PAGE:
I used to enjoy making breads, and things like pancakes and waffles — before I started eating gluten-free. I had it down pretty well, and could whip up credible baked goods without recipes, if I wanted to. Now I'm so intimidated by all the flours and starches that go into GF goods, I often avoid baking, except for special occasions, or if I'm testing a cookbook. One day recently I got a craving for pancakes that had me running to my well-stocked, but usually avoided, GF pantry. I just wanted to throw together some pancakes — sheesh — is that too much to ask? I chose four flours (four!) and a starch and threw them together as I've learned to do from months of reading cookbooks and blogs, and ate pancakes. I thought they were delicious, and I hope I can remember that and feel a little freer to experiment more often. I mean to try them out on Miss E Sunday morning to see if she notices a difference from her usual pancakes.
Simple GF pancakes - serves two (or one really hungry eater)
- 1 cup non-dairy milk
- 1 teaspoon cider vinegar
- 5 drops liquid stevia
- 1/4 cup brown rice flour
- 1/4 cup quinoa flour
- 1/4 cup almond meal
- 1/4 cup sorghum flour
- 1/4 cup tapioca flour
- 1/2 teaspoon baking powder
- 1/2 teaspoon baking soda
- 1/4 teaspoon xanthan gum
- Mix the vinegar and milk in a measuring cup and allow to sit for a few minutes until slightly thickened, while you combine the dry ingredients in the next step. Mix in the stevia.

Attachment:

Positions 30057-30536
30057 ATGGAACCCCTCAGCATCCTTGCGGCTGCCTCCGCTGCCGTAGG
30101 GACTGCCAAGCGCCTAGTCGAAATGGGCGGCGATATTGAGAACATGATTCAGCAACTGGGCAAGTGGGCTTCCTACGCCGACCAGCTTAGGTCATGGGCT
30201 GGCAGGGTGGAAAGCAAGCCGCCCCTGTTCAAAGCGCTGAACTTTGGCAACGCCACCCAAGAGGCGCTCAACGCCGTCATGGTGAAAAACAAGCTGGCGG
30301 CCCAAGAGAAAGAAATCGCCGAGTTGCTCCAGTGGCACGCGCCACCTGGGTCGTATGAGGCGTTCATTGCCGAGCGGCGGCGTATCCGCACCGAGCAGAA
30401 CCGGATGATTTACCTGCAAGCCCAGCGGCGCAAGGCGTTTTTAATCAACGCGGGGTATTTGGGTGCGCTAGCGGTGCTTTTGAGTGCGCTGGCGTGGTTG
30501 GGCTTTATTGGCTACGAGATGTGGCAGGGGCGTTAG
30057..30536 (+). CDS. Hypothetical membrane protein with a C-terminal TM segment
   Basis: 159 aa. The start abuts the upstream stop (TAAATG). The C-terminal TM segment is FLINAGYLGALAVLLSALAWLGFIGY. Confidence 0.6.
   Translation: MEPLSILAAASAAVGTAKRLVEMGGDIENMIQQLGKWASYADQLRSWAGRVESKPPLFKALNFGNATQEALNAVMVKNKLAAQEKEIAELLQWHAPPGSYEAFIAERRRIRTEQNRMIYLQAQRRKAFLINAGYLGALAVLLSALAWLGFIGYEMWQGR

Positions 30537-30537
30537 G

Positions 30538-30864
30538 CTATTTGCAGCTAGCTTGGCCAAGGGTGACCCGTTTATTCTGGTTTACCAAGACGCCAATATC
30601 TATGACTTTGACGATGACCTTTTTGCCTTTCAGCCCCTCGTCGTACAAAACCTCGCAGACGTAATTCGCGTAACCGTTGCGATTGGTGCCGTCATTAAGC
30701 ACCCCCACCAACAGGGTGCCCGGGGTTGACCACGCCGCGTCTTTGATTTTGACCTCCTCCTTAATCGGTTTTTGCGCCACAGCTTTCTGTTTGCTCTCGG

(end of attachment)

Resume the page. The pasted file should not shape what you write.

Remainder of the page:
- Combine the rice flour, quinoa flour, almond meal, sorghum flour, tapioca starch, baking powder, baking soda and xanthan gum in a dry bowl, and whisk together until well-combined.
- Mix the wet into the dry.
- Heat a cast iron pan until water hisses when dropped onto the pan.
- Spread a thin coat of oil on the pan.
- Cook the pancakes on one side until bubbles form and the edges start to dry. Carefully turn pancakes over and cook the second side until done.
- Serve with maple syrup or the topping of your choice.
Naked Solstice fun
O.K., now that we've got the pancakes out of the way, here's what you're really looking for, right? We attended the annual Fremont Solstice Parade held in the Center of the Universe, the Fremont neighborhood of Seattle. There's lots of unusual stuff in Fremont, but perhaps the strangest and most fun is the annual parade with its nude bikers. This is our second experience attending the parade.
|Perhaps no one ever feels they have quite enough to offer|
|Thing one and thing two!|